August 27, 2005
Source Code Respository Behavior

A recent paper by Rob Pike on a new system for automating analysis of very large data sets (using their new language, Sawzall) included a graph that I thought was kind of cool. It showed a histogram of commits to the Google source code repository by minute of the week:

histogram of google commits, by minute of the week

There is some obvious structure: Weekdays are busy, weekends less so. There's definitely a dip around lunchtime and Friday is the least “productive” day of the week, if you measure productivity by code commits. There is a spike just after midnight every day—maybe some automatic process is committing code? Auto-syncing of repositories?

I became curious about the idea of repository visualization. I was curious to see the histogram for the Evolution Robotics repository, so I wrote some code to do some very simple analysis of a cvs log. I actually executed “cvs log” on the top directory and counted every line that looked like this as a commit:

  date: 2005/06/01 17:23:59;  author: cody; [extra stuff I ignored]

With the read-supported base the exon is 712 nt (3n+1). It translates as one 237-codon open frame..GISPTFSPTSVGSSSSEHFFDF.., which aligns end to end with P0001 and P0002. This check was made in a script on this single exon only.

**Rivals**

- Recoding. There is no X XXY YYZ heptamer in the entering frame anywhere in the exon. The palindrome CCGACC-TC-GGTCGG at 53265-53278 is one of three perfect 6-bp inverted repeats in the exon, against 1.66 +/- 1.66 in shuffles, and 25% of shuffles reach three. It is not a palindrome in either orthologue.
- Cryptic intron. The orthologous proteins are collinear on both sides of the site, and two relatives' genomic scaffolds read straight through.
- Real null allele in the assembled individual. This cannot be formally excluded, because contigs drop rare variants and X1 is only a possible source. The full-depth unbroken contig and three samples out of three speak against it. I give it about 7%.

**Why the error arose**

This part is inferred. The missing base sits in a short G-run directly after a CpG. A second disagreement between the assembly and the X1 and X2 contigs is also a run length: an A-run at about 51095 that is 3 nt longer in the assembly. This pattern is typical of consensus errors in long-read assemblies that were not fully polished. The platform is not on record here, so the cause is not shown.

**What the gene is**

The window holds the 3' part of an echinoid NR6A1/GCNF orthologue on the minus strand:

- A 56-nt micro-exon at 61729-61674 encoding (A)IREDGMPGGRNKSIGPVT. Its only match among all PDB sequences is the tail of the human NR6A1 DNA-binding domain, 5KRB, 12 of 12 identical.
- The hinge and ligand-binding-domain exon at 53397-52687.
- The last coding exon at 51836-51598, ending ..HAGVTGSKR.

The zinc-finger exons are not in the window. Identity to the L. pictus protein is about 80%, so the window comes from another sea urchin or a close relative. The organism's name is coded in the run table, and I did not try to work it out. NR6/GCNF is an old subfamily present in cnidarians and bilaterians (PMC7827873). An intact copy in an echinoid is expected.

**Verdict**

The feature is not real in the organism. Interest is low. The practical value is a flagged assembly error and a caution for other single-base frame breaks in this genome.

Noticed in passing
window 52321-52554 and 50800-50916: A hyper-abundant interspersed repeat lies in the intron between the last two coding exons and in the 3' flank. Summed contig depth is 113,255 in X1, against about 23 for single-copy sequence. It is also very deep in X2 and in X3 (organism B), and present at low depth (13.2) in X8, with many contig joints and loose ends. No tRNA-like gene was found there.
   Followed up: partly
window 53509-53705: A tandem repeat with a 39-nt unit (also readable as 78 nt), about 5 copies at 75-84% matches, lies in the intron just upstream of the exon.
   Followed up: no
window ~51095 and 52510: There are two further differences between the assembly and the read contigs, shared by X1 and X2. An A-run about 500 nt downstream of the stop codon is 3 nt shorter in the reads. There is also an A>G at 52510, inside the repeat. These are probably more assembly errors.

I can't show you the result of that analysis because the repository isn't public. I won't show you the code because it's ugly. So what's left?

I can run the same code on SBCL's repository at SourceForge. Based on advice from SBCL developers on #lisp, I ran cvs log on the file version.lisp-expr instead of the top level sbcl directory, to more closely approximate measuring something like significant commits. Here's the resulting SBCL histogram:

histogram of sbcl commits, by hour of the week
SBCL commit histogram, by hour of the week. Rendered by gnuplot. Click for the PDF version.

I was a little surprised that the valleys in SBCL activity correspond pretty closely to midnight California time. The valleys are, however, much narrower than the ones I observed in the histogram associated with a repository mostly worked on by full-time employeees who all live in the same time zone (and they seem narrower than the google valleys, too).